84-year-old Ezekiel McCarthy admits killing nephew after mistaking him for a burglar

 

An 84-year-old man has admitted killing his nephew after mistaking him for a burglar.

Ezekiel McCarthy, from Brondesbury Park, Cricklewood, pleaded guilty to manslaughter, by reason of diminished responsibility, of Desbert Welsh, 50, in November last year.

The court heard that Mr McCarthy, who was in sheltered accommodation at the time of the incident, was suffering from early dementia and an acute episode of delirium at the time.

Mr McCarthy was said to be confused when he killed Mr Welsh with a knife.

He denied murder and his plea to a manslaughter charge was accepted by the prosecution.

The incident occurred at McCarthy's ground-floor flat on 13 November last year, the court was told that Mr McCarthy thought his nephew was an intruder and stabbed him.

The two men had been drinking and celebrating Mr McCarthy's birthday, which was a few days before on November 8th.

The pair returned to Mr McCarthy's flat in the early hours and in the morning he knocked on a neighbour's door seeking help.

Jonathan Rees QC, prosecuting, said McCarthy was seen by a female friend of his outside, holding a knife with blood on it.

McCarthy told her: "This bloody man. I don't know how he got in my room."

He later told police: "I was defending myself."

Mr Welsh was taken to hospital but died from his injuries three days later. The stab wound had pierced his liver.

Mr Rees said: "This is a dreadfully sad case involving the killing of a nephew by his uncle, thinking he was an unknown intruder."

Alex Milne QC, defending, said the death had impacted the whole family and that McCarthy could not believe what he had done and could not associate the victim with his nephew.

Milne said: "He is destroyed. He is mortified. He could not in his wildest dreams harm his nephew."

Mr McCarthy was bailed to 4 December for a pre-sentence report.

Start your day with The Independent, sign up for daily news emails
ebooks
ebooksA special investigation by Andy McSmith
News
Approved Food sell products past their sell-by dates at discounted prices
i100
Sport
Jonny Evans and Papiss Cisse come together
football
News
Life-changing: Simone de Beauvoir in 1947, two years before she wrote 'The Second Sex', credited as the starting point of second wave feminism
peopleHer seminal feminist polemic, The Second Sex, has been published in short-form to mark International Women's Day
News
i100
Arts and Entertainment
The beat is on: Alfred Doda, Gjevat Kelmendi and Orli Shuka in ‘Hyena’
filmReview: Hyena takes corruption and sleaziness to a truly epic level
Latest stories from i100
Have you tried new the Independent Digital Edition apps?

Day In a Page

Homeless Veterans campaign: Donations hit record-breaking £1m target after £300,000 gift from Lloyds Bank

Homeless Veterans campaign

Donations hit record-breaking £1m target after huge gift from Lloyds Bank
Flight MH370 a year on: Lost without a trace – but the search goes on

Lost without a trace

But, a year on, the search continues for Flight MH370
Germany's spymasters left red-faced after thieves break into brand new secret service HQ and steal taps

Germany's spy HQ springs a leak

Thieves break into new €1.5bn complex... to steal taps
International Women's Day 2015: Celebrating the whirlwind wit of Simone de Beauvoir

Whirlwind wit of Simone de Beauvoir

Simone de Beauvoir's seminal feminist polemic, 'The Second Sex', has been published in short-form for International Women's Day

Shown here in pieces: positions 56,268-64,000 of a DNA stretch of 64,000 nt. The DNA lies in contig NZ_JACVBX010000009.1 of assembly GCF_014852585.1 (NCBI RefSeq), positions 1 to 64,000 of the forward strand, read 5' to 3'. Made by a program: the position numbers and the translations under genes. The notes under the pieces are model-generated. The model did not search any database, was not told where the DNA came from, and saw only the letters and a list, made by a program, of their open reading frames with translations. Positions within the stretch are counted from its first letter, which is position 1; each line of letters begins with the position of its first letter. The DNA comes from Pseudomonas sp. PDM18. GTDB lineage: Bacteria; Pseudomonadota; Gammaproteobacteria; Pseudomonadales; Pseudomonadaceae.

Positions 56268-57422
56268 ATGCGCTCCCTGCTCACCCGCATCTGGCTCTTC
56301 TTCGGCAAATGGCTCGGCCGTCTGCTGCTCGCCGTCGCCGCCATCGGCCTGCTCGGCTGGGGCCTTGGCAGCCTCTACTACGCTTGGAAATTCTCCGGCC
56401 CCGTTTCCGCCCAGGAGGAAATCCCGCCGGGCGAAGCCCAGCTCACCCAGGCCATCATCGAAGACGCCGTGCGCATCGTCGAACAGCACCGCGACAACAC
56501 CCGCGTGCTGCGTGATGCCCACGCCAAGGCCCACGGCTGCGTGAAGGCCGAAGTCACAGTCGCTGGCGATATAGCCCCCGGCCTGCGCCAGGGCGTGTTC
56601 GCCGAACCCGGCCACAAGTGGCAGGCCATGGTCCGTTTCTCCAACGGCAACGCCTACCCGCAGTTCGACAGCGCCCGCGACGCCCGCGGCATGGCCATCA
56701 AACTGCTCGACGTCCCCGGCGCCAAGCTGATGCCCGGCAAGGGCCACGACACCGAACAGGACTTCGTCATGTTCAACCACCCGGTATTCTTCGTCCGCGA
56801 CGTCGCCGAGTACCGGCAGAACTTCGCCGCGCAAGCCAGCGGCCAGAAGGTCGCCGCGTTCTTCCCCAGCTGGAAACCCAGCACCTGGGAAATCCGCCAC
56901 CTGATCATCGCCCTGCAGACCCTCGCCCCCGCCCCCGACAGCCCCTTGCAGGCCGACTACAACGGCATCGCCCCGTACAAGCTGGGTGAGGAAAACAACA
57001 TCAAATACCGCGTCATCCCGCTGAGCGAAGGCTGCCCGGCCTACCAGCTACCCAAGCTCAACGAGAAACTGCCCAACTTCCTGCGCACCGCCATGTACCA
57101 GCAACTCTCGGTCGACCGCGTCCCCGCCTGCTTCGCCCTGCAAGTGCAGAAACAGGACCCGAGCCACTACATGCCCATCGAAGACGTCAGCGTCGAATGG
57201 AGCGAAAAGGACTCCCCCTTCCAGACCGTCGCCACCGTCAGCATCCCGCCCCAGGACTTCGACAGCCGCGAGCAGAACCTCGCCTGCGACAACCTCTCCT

Mark Zuckerberg’s hiring policy might suit him – but it wouldn’t work for me

Mark Zuckerberg’s hiring policy might suit him – but it wouldn’t work for me

Why would I want to employ someone I’d be happy to have as my boss, asks Simon Kelner
Confessions of a planespotter: With three Britons under arrest in the UAE, the perils have never been more apparent

Confessions of a planespotter

With three Britons under arrest in the UAE, the perils have never been more apparent. Sam Masters explains the appeal
Russia's gulag museum 'makes no mention' of Stalin's atrocities

Russia's gulag museum

Ministry of Culture-run site 'makes no mention' of Stalin's atrocities
The big fresh food con: Alarming truth behind the chocolate muffin that won't decay

The big fresh food con

Joanna Blythman reveals the alarming truth behind the chocolate muffin that won't decay
Virginia Ironside was my landlady: What is it like to live with an agony aunt on call 24/7?

Virginia Ironside was my landlady

Tim Willis reveals what it's like to live with an agony aunt on call 24/7
Paris Fashion Week 2015: The wit and wisdom of Manish Arora's exercise in high camp

Paris Fashion Week 2015

The wit and wisdom of Manish Arora's exercise in high camp
8 best workout DVDs

8 best workout DVDs

If your 'New Year new you' regime hasn’t lasted beyond February, why not try working out from home?
Frank Warren column: Amir Khan ready to meet winner of Floyd Mayweather v Manny Pacquiao

Khan ready to meet winner of Mayweather v Pacquiao

The Bolton fighter is unlikely to take on Kell Brook with two superstar opponents on the horizon, says Frank Warren
War with Isis: Iraq's government fights to win back Tikrit from militants - but then what?

Baghdad fights to win back Tikrit from Isis – but then what?

Patrick Cockburn reports from Kirkuk on a conflict which sectarianism has made intractable
Living with Alzheimer's: What is it really like to be diagnosed with early-onset dementia?

What is it like to live with Alzheimer's?

Depicting early-onset Alzheimer's, the film 'Still Alice' had a profound effect on Joy Watson, who lives with the illness. She tells Kate Hilpern how she's coped with the diagnosis
The Internet of Things: Meet the British salesman who gave real-world items a virtual life

Setting in motion the Internet of Things

British salesman Kevin Ashton gave real-world items a virtual life